Rest assured, any interested Ohmies will see further announcements with more details as this rolls out.
InsurAce has offered some discounts around the insurance and there is currently a poll on the forum to get feedback on how to deal with them — have your say.
Launch of Agora Insights
We decided that the Dispatch was getting a bit too long and we didn’t want you to miss out on any of the important news. We thought long and hard and will now have the numbers at a glance in a separate publication we have dubbed Olympus Insights.
Following Zeus’s advice from January 20th 2021 — we stealth launched last Friday.
If you haven’t already please give Agora Insights a read and let us know what you think.
OP Updates — Application open to Curve LP and Avalanche cohorts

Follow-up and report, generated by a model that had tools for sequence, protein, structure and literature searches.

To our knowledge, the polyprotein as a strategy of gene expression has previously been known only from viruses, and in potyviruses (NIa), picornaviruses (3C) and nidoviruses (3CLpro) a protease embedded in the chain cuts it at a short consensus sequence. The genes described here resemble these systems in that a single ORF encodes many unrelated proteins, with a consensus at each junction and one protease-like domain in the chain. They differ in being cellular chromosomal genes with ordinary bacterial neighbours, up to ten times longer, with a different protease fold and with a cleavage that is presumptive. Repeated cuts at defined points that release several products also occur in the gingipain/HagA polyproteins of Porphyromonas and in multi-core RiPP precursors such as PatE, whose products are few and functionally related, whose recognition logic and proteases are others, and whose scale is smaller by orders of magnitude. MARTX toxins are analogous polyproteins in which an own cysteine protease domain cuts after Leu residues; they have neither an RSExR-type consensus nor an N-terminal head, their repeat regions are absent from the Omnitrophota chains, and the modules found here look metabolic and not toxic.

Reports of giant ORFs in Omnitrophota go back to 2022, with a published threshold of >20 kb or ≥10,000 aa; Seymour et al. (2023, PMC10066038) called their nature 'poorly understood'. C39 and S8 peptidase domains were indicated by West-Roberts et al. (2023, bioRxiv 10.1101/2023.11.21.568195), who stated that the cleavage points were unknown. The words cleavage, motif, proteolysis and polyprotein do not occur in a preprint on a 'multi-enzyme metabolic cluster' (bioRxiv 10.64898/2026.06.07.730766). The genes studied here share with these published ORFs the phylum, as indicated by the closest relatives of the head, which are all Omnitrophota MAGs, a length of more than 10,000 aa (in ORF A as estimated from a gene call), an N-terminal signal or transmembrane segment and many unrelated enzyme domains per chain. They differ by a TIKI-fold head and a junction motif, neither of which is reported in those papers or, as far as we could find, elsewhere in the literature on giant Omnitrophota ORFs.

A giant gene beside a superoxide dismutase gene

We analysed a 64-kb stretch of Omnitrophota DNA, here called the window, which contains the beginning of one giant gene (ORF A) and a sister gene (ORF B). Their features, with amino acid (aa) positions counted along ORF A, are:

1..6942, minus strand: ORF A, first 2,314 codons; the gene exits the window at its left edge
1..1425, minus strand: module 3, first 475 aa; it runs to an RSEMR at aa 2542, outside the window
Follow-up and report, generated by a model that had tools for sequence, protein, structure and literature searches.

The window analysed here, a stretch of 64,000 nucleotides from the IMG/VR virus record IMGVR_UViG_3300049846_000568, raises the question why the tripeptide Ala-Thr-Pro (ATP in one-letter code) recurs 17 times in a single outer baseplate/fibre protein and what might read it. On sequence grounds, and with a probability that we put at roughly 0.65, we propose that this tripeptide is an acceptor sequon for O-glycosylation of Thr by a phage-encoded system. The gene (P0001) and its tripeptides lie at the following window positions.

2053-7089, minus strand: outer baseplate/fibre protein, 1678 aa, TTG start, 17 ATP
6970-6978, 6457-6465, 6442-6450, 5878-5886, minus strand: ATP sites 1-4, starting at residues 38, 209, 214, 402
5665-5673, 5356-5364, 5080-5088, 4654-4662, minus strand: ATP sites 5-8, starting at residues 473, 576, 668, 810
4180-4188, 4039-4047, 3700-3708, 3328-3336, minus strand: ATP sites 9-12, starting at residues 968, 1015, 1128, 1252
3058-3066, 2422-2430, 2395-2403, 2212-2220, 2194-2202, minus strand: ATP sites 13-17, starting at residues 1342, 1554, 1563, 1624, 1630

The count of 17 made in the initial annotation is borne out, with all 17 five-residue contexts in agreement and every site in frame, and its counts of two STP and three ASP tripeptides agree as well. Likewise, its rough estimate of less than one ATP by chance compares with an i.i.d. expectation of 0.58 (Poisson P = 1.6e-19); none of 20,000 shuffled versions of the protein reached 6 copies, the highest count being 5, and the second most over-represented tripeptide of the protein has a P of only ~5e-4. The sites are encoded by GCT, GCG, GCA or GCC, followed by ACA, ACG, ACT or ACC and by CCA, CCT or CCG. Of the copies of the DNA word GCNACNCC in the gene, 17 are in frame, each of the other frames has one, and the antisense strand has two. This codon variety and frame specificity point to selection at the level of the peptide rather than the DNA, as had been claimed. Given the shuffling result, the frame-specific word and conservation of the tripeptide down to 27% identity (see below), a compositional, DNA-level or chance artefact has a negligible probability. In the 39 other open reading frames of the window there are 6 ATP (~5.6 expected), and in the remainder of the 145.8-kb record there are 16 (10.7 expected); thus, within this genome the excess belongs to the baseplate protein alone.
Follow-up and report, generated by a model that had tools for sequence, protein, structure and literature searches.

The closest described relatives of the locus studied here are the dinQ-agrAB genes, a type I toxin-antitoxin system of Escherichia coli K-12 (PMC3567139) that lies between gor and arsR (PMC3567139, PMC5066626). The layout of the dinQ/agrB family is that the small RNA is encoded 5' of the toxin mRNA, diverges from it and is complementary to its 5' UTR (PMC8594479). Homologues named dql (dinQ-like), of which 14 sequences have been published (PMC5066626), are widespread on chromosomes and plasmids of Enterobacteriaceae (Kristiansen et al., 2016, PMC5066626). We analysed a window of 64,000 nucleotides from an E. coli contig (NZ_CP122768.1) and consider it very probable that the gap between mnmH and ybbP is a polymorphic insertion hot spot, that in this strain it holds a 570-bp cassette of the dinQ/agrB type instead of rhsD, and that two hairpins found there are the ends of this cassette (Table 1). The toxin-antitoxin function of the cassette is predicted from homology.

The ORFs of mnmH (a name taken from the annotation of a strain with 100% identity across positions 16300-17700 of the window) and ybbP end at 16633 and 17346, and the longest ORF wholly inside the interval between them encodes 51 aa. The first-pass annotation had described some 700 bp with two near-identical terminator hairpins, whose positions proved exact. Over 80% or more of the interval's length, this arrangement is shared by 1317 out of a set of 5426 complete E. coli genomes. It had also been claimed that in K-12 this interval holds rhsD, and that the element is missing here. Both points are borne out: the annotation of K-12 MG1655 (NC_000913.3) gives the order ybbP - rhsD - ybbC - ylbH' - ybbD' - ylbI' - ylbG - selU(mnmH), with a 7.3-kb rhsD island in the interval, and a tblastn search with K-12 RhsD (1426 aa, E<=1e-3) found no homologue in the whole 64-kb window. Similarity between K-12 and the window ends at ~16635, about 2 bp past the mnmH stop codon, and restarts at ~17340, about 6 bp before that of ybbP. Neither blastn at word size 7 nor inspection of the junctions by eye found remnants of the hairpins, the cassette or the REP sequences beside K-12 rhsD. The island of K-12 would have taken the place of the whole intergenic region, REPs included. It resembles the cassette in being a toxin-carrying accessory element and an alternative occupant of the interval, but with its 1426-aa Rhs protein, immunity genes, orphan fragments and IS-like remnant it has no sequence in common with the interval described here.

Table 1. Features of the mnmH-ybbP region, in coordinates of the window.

It is time to take back control over your liquidity. Since its inception, Curve Finance has quickly risen through the ranks and become one of the protocols with the highest TVL (total value locked). Its novel stablecoin swap mechanism means that users incur little slippage when exchanging between two different stablecoins. It attracts a large number of LPs (liquidity providers) as they stand to benefit from trading fees while avoiding the traditional issue of impermanent loss.
To bootstrap liquidity on Curve, many DeFi protocols offer farming rewards in their native tokens on top of CRV tokens. However, these protocols are still at the whim of these LPs as they don’t own the liquidity. Olympus is looking to help these protocols by launching the Curve LP Cohort:
OP (Olympus Pro) has helped protocols secure more than $13M worth of liquidity since its launch in late September. If you are interested in becoming part of the Curve LP Cohort, please fill up the OP application form and the Olympus contributor will get in touch with you.